Boiled 3.5 gallons in one hour - is it my elevation?

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dpaola2

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Subject says it all. I live in Lake Tahoe, I'm at about 6,300 ft elevation. I sparged to 6.5 gallons and boiled for an hour. I only got 3 gallons of wort!

Am I crazy? Has anyone else seen that much wort boil off in just 60 minutes?
 

hopjuice_71

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Wow, thats incredible. This kind of physical chemistry is not my strength, but my gut is telling me that is excessive boil-off. Are you certain you don't have a leak somewhere in your system?
 

Plastic Brewkettle

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I'd like to take a guess. Altitude perhaps had little to do with the loss of water. My guess is a high temperature boil. If the boil was excessively vigorous, it could have released an excess of vapor.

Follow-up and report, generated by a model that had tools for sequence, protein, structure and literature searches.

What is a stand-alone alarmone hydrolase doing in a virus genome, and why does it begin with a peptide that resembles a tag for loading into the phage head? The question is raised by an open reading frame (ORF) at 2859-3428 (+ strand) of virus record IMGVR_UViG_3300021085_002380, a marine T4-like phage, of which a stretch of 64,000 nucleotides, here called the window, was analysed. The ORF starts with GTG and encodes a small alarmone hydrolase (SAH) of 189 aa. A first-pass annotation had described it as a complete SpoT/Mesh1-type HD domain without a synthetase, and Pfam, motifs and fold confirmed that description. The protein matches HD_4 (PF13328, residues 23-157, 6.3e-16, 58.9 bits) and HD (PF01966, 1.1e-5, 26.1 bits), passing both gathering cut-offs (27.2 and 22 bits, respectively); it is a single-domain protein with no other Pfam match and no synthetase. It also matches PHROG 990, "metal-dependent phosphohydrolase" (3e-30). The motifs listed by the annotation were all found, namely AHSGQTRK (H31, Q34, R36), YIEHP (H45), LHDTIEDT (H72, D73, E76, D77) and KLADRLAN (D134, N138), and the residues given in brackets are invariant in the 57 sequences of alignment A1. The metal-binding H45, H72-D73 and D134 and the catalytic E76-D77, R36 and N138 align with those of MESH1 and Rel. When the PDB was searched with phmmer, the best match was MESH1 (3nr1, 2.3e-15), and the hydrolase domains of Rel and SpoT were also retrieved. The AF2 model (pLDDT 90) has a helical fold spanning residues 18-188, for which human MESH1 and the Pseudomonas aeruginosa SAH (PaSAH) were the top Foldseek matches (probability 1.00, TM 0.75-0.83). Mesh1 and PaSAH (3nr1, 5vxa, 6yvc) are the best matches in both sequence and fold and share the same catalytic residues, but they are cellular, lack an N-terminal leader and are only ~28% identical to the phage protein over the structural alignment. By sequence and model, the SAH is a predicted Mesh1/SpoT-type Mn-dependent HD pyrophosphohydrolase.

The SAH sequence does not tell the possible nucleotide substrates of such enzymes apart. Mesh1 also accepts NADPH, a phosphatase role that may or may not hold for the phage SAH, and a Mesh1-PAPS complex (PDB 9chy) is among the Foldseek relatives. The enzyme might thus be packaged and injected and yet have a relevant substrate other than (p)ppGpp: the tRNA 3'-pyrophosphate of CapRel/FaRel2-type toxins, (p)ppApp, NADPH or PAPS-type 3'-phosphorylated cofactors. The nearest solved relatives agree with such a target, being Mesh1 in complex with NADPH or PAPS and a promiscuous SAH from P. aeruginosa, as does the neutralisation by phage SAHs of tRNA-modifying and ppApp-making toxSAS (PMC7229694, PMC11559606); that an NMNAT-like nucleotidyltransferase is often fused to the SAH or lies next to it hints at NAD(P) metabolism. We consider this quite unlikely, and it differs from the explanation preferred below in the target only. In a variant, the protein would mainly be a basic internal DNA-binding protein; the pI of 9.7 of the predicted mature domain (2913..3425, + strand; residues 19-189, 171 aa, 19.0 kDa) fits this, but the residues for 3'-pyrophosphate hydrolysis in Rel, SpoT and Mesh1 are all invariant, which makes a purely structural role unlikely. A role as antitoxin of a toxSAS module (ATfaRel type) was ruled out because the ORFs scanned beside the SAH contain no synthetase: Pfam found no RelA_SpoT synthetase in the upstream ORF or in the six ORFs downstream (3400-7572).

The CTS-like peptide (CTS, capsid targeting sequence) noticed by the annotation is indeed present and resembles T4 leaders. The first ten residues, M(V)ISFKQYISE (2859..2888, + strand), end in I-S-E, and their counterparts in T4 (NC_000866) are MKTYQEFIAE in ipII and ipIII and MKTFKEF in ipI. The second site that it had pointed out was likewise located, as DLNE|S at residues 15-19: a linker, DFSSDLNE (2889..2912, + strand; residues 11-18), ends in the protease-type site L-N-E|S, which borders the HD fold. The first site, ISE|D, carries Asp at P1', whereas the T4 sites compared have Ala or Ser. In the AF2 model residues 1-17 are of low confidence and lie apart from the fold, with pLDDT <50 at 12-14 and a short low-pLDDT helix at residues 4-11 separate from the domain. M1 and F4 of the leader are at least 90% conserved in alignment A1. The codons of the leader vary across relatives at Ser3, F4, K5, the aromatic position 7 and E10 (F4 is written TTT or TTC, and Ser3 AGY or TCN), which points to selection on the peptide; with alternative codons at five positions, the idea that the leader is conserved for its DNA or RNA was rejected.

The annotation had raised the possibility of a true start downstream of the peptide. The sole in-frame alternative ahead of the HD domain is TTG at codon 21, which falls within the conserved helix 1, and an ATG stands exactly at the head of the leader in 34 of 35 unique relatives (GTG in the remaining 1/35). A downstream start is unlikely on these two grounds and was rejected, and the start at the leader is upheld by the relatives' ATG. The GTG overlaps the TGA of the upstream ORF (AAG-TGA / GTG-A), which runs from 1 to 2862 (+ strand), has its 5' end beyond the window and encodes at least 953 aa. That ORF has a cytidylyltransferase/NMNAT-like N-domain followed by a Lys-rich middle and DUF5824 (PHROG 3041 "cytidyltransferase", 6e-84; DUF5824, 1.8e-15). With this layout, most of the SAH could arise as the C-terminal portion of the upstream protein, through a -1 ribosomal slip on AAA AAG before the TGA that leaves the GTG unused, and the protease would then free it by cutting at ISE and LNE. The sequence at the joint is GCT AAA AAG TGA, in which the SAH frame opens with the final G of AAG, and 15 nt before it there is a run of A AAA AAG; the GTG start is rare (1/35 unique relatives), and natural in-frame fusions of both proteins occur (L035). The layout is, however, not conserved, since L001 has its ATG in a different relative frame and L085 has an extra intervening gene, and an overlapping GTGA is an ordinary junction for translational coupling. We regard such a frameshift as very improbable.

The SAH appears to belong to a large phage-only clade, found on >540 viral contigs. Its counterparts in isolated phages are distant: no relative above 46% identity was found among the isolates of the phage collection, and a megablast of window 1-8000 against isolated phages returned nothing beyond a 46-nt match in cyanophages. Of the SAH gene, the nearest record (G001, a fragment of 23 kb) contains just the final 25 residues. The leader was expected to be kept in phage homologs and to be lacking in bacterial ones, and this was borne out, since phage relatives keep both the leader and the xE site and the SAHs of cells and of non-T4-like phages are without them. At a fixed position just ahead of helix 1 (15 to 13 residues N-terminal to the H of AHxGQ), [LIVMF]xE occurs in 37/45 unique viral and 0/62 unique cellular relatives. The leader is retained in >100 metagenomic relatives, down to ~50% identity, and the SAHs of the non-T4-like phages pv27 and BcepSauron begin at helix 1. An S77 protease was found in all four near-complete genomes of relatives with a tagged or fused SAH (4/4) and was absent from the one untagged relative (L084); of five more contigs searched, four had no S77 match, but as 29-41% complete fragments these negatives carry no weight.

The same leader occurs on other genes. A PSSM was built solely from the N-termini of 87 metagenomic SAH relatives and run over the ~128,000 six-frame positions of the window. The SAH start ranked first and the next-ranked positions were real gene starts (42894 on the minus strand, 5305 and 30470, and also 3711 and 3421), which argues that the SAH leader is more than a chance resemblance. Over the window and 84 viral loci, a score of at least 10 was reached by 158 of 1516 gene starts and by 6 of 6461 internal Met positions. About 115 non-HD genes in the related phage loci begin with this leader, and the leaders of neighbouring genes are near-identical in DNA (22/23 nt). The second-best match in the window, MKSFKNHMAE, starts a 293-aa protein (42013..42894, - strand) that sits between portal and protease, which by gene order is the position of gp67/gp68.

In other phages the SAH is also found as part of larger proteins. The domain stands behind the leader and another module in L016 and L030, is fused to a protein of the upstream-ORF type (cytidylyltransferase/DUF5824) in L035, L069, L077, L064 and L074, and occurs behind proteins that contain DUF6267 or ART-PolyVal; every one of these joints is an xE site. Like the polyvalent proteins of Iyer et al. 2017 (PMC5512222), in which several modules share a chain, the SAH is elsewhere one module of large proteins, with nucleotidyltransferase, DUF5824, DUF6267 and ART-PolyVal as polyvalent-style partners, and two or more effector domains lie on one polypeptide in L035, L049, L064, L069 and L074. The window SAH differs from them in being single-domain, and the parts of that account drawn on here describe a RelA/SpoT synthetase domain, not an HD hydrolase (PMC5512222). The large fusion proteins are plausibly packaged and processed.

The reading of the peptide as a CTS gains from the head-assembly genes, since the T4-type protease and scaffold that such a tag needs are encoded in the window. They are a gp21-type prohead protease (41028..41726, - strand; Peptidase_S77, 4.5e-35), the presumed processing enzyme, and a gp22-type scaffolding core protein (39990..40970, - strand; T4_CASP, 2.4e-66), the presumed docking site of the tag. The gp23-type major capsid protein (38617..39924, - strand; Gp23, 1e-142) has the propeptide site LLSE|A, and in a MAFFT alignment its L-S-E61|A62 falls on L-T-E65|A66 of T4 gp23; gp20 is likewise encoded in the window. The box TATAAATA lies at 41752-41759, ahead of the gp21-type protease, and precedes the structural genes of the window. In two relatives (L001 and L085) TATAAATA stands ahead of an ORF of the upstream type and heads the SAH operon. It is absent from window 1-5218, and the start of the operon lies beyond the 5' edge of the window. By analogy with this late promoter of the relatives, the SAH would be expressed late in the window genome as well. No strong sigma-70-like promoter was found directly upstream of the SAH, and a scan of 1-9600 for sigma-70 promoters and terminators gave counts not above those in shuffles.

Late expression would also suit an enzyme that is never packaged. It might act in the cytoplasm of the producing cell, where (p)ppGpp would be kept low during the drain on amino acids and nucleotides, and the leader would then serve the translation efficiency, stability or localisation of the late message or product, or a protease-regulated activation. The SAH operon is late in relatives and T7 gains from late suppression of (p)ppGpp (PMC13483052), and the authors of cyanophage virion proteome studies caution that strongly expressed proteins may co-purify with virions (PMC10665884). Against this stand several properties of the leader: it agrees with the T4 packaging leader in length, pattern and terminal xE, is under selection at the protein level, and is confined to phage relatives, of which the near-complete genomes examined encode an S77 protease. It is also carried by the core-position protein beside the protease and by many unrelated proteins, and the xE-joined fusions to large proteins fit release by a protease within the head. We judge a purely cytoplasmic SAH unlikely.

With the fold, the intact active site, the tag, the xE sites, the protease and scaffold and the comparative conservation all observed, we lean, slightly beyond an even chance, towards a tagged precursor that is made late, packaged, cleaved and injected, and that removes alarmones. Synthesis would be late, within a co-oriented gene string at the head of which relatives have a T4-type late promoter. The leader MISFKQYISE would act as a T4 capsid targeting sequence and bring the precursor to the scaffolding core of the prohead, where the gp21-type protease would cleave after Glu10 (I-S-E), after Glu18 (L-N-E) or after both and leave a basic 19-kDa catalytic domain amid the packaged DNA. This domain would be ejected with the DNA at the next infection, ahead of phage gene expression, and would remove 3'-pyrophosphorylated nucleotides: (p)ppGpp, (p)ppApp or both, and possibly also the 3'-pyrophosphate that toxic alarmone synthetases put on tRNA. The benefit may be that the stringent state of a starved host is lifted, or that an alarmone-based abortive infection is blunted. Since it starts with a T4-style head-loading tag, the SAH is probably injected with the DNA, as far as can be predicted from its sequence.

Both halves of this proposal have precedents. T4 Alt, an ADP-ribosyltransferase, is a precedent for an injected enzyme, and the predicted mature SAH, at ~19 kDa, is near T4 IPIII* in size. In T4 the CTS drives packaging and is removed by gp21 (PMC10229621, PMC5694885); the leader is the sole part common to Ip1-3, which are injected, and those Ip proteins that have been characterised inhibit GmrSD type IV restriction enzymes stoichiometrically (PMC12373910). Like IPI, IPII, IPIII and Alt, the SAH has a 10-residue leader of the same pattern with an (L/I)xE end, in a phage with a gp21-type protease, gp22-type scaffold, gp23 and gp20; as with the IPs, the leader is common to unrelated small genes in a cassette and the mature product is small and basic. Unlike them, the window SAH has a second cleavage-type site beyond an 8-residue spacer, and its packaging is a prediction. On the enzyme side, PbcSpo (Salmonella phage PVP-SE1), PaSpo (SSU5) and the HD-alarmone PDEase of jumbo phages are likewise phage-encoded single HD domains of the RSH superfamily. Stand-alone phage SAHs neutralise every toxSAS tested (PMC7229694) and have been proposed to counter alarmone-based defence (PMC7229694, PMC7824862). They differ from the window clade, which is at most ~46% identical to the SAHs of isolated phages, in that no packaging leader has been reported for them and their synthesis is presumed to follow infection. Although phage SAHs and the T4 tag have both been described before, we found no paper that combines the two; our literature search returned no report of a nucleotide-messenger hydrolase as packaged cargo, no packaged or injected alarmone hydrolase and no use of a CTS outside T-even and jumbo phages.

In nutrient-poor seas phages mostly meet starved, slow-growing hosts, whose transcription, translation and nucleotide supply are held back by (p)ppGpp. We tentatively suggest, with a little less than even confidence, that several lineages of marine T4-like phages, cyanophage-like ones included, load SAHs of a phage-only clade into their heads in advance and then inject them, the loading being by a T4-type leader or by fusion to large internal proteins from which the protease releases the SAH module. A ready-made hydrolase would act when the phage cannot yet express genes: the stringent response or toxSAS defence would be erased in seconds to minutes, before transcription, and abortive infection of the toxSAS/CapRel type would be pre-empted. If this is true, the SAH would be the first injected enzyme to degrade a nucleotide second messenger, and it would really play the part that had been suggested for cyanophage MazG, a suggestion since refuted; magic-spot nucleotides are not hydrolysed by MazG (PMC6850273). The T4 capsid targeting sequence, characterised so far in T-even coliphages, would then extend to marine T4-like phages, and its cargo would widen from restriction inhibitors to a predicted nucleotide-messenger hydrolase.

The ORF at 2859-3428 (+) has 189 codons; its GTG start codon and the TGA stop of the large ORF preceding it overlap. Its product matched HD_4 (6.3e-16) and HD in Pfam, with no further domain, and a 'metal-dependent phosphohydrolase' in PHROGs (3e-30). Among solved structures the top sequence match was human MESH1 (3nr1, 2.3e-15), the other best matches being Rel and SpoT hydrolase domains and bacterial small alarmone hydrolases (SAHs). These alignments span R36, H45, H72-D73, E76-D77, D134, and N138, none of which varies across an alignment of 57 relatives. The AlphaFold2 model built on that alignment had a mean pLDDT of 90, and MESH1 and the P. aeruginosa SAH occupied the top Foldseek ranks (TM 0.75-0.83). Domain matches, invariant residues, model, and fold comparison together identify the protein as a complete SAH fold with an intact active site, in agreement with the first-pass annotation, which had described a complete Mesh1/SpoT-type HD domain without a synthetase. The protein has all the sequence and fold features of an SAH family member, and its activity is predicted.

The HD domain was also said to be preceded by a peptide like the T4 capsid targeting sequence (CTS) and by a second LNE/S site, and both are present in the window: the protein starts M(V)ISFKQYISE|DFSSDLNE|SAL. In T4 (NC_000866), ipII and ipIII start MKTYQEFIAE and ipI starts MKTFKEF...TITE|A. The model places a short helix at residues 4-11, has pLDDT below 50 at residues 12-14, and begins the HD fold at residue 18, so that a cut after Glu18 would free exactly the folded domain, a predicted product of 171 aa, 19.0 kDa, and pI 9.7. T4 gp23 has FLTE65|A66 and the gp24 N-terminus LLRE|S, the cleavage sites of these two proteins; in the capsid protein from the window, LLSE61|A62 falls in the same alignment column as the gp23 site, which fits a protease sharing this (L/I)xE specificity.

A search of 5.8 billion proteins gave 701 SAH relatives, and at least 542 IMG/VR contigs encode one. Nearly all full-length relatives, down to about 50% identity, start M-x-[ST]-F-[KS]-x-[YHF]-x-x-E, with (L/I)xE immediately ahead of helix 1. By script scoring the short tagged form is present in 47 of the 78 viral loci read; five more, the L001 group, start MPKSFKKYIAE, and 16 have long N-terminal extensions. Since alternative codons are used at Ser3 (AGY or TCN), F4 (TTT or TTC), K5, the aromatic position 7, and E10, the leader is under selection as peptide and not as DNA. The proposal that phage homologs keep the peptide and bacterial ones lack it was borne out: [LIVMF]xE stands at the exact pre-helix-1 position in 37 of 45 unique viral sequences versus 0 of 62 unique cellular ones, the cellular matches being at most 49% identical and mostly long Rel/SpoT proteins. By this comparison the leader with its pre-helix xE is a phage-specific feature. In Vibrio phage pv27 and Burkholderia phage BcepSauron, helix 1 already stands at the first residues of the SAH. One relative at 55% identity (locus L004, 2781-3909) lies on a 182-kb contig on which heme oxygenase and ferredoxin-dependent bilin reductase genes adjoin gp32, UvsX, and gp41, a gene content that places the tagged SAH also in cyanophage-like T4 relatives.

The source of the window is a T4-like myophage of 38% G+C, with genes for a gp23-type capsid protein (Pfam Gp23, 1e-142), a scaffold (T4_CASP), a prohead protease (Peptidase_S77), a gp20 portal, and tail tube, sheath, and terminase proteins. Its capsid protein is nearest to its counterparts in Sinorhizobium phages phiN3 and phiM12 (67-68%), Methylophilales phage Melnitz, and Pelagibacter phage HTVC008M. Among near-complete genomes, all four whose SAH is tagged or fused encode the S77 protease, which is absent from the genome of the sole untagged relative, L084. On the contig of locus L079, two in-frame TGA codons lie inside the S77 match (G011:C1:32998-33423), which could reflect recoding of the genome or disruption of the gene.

PCABrewing

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This isn't your first boil is it?
Have previous boils gone as expected? Is the atmosphere exceptionally dry out there lately?
At your altitude the boiling point is lower (~201 degrees) but I can't understand how that would result in a higher volume lost as vapor? Is your kettle normal diameter for it's volume?
 
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dpaola2

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Thank you all.

This is my 6th boil, and I have a 10 gallon kettle over propane outdoors. I did boil extremely vigorously, which is a learning moment for me. My kettle has volume indicators which is how I know it was 3.5 gallons lost. I suppose it's possible I mismeasured.
 

hotbeer

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Your super low humidity compared to everywhere else probably helps might help too. As for temperature of your boil, your wort can't get any hotter than it's boiling temperature for the altitude you are at, however you might could use less heat and not boil so vigorously.
 

PCABrewing